Perkowitz once told CA: "Though I wanted to be a scientist from an early age, writing was always a close second as a career choice. My early heroes and heroines were equally balanced between scientists and writers. F. Scott Fitzgerald and J.D. Salinger were special favorites. My work is not so much driven by a ‘who’ as a ‘what’—the desire to tell the science accurately, but simply.

"My lucky writing quality is that I seem never to be completely stymied when I sit at the computer. If original inspiration doesn't flow, then I enjoy revising what I've already written until a new idea kicks in. I couldn't write without a computer, and especially without a laptop. My way of avoiding the solitary loneliness of the writer is to work on my laptop in coffee shops. I don't need absolute quiet to write, and the presence of people—even though I'm generally not interacting with them—provides just the right level of minimal companionship.

"To my surprise, I find that the most creative ideas come when I'm thinking about something else or not thinking very hard at all. When my mind is in idle, it seems to make connections that wouldn't occur when it's in high gear or trying hard to focus on a particular goal. To my further surprise, I've found that writing nonfiction has loosened me up for fiction as well. I've written three works for the stage and a screenplay.

"Empire of Light is probably my favorite simply because it was first, but also because its mixture of science and art excites my passion, and leads to a writing style that is probably as lyrical as I can get with scientific subjects. Overall, I'd like my books to make people say ‘oh, wow,’ because nature and the way we understand it are equally wonderful. But you never know what effects your books will have. One reader of Empire of Light wrote me something like this: ‘I hope you won't mind if I tell you this, but I'd like you to know that your book brought me closer to God.’ Empire of Light is not about religion or God, and this response is one that I could never have anticipated, which makes me treasure it all the more."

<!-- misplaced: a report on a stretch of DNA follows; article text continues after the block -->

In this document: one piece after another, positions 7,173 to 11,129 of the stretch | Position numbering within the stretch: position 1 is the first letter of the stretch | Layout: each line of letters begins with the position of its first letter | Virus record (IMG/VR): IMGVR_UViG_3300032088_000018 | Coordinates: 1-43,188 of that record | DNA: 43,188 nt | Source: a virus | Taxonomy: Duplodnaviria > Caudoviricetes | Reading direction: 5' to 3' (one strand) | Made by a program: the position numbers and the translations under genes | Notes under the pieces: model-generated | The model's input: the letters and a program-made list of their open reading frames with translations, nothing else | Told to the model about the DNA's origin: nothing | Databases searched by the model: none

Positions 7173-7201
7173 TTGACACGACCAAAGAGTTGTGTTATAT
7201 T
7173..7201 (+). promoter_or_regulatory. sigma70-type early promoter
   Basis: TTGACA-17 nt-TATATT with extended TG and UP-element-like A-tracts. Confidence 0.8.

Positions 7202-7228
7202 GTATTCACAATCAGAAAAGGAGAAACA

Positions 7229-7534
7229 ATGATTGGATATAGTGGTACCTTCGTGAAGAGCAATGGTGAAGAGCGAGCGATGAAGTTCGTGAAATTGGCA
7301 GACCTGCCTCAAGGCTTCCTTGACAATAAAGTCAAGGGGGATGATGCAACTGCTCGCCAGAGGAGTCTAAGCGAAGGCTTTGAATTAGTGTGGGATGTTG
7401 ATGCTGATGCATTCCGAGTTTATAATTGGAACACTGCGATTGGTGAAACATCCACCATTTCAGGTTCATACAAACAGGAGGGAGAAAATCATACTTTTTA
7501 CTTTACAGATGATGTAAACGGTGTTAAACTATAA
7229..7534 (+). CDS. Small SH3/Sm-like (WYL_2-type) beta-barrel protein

American Scientist, November, 2000, review of Universal Foam: From Cappuccino to the Cosmos, p. 547.

Atlanta Constitution, October 9, 2000, Joe Earle, "The Physics of Foam Captivate Emory Prof," review of Universal Foam, p. D1.

Atlanta Journal-Constitution, January 5, 1997, Michael Skube, "Book Waits to See Light of Day," review of Empire of Light: A History of Discovery in Science and Art, p. L8.

Booklist, September 1, 1996, Donna Seaman, review of Empire of Light, p. 48; December 1, 1996, Stephanie Zvirin, review of Empire of Light, p. 664; June 1, 2000, Gilbert Taylor, review of Universal Foam, p. 1823; November 1, 2007, Carl Hays, review of Hollywood Science: Movies, Science, and the End of the World, p. 22.

Choice: Current Reviews for Academic Libraries, November, 2004, G. Trajkovski, review of Digital People: From Bionic Humans to Androids, p. 515.

Discover, July, 2000, Jocelyn Selim, review of Universal Foam, p. 116.

Guardian (London, England), April 21, 2001, Andrew Brown, "Air Apparent: If Codes and Cod Sell, Why Not Foam?," review of Universal Foam, p. 10.

Hollywood Reporter, December 10, 2007, review of Hollywood Science, p. 24.

Library Journal, July, 2000, James Olson, review of Universal Foam, p. 132.

New York Times Book Review, May 16, 2004, Dick Teresi, "The Humanoid Condition," review of Digital People, p. 31.

Publishers Weekly, July 1, 1996, review of Empire of Light, p. 47; May 29, 2000, review of Universal Foam, p. 68; March 1, 2004, review of Digital People, p. 58.

Science, July 21, 2000, G.C. Barker, review of Universal Foam, p. 398.

Science News, October 9, 2004, review of Digital People, p. 239.


Emory Department of Physics, (October 9, 2008)., (December 17, 2004), John C. Snider, interview with Perkowitz.

Sidney Perkowitz Home Page, (October 9, 2008).


Something You Should Know, August 15, 2003, Mike Carruthers, transcript of audio interview with Perkowitz.